Tips for Training a Herd Dog
Training Your Dog to Herd
I am not a professional dog trainer, but I have lived and worked on farms my entire life. Through the years, I have worked with many great dogs and have picked up a few skills in training dogs for life on a farm. When my dad’s dog had puppies, I was interested in getting one because both parents are great herding dogs. The father, Buck, is an Australian Shepherd/Border Collie mix and the mother, Mara, is an Australian Shepherd/German Shepherd mix. We brought home our puppy with her big bat ears and proceeded to work on the basics: potty training and not chewing on things.
After a while, we wanted to train her to herd the goats. It soon became obvious that training a dog to herd is not as easy as I thought. I talked to my vet and a dog trainer to see if they had any ideas. They both said the same thing: Find an experienced herding dog to train your puppy.
That didn’t work for me, so I proceeded to train her on my own and I discovered a few strategies that seemed to work:
- Show Your Puppy What to Do
- Positive Reinforcement
1. Show Your Puppy What to Do
It may sound silly, but your puppy watches what you do and will copy you just like kids do. It may not be fun to run after goats so the puppy can see what you want her to do, but it works the best. I was lucky when we were training our puppy because my son was four and loved to chase the goats in at night. Our puppy, Piper, learned from him. She would follow him as he chased the goats into and out of the barn. She also comes from herding dog breeds that instinctively herd. We worked with the instincts she already had and cemented them into a workable form.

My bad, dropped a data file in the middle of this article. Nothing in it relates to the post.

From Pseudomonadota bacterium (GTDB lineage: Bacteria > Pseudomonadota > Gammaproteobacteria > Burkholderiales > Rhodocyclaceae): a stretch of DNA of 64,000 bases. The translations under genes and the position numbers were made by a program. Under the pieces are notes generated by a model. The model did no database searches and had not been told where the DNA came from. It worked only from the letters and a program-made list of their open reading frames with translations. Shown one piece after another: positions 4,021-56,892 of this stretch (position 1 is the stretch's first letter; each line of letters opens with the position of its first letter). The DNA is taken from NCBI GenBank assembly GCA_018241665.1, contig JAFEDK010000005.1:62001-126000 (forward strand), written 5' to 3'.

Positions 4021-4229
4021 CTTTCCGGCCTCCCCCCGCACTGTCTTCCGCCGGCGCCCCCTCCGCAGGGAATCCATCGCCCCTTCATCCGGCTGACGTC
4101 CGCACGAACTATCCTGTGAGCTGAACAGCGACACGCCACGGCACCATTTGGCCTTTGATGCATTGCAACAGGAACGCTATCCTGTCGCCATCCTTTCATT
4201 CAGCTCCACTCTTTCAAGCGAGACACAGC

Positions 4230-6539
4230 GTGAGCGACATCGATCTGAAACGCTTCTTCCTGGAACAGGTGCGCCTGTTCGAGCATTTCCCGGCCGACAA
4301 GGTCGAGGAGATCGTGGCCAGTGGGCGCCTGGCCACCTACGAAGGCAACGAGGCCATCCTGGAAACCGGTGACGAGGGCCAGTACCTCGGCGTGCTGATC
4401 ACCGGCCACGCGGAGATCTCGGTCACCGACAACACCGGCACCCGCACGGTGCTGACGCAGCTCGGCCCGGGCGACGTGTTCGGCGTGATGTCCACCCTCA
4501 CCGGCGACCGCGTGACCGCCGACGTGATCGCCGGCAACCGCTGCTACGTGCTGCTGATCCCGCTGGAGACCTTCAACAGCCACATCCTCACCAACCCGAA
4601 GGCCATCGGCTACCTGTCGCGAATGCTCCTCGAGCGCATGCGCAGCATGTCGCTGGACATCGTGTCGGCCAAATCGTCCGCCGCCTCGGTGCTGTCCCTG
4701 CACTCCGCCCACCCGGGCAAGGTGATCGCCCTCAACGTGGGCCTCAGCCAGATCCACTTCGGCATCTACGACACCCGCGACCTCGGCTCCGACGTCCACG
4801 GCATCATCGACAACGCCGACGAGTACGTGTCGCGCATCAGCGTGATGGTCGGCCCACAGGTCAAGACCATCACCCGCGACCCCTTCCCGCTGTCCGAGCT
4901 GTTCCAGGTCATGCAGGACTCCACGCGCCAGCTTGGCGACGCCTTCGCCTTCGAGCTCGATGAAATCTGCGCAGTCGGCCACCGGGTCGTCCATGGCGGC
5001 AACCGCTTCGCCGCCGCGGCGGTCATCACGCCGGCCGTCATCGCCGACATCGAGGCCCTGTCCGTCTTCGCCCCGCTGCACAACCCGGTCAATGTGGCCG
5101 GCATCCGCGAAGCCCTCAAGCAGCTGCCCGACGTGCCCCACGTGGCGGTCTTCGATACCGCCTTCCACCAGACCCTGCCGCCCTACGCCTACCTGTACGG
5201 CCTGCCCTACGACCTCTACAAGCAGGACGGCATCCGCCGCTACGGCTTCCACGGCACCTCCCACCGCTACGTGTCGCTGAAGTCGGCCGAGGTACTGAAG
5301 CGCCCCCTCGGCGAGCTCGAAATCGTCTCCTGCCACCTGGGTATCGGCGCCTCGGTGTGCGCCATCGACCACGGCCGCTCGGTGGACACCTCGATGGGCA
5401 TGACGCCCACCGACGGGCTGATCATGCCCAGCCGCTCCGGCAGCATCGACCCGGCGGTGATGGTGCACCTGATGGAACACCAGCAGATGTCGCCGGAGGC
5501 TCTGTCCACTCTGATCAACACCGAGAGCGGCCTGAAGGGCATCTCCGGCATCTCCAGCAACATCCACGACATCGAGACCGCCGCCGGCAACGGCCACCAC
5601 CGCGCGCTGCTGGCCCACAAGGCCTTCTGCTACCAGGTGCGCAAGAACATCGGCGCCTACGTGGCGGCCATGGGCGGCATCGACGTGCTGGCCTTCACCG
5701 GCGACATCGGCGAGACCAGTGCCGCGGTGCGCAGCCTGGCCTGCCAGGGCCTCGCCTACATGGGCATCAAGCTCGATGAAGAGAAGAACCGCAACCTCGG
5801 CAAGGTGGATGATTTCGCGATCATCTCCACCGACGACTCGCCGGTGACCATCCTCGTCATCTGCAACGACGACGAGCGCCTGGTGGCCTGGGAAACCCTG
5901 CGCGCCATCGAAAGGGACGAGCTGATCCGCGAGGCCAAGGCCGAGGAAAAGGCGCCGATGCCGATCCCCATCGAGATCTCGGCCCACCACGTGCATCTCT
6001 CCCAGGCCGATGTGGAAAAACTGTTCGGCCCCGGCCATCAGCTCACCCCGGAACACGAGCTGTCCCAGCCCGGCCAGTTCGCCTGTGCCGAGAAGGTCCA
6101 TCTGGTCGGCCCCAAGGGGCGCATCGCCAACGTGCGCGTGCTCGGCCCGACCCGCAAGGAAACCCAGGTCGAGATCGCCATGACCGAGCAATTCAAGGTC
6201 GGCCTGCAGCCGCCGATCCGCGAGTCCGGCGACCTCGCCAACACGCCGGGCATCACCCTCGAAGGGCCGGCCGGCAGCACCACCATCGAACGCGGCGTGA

2. Positive Reinforcement
Reward your puppy when it accomplishes a task, even if it is a small one. Either use treats or excessive praise so your puppy can see how excited you are. Praise shows your puppy that they did something right and they will want to repeat it so they are praised again. Your puppy wants to make you happy.
Show your puppy what to do, praise for a job well done, show your puppy what to do, praise for a job well done, repeat, repeat, and repeat some more. This is an extremely important step and consistency is a major key. For example, when I wanted our puppy to stay in the back of the barn so she could help chase goats out, I taught her to sit and wait there. I did this by repeatedly making her sit where I wanted then patiently bringing her back when she moved. We repeated this process about three or four times before she understood what I wanted and she waited there.
Learning something new can be hard and puppies can get overexcited when you are working with animals. I quickly learned with our new puppy that raising my voice and getting upset does nothing but make her upset. She responded better to quietly repeating a skill over and over. If you are feeling upset chances are your puppy is too which means it is time to take a break and circle back to the skill you are working on later.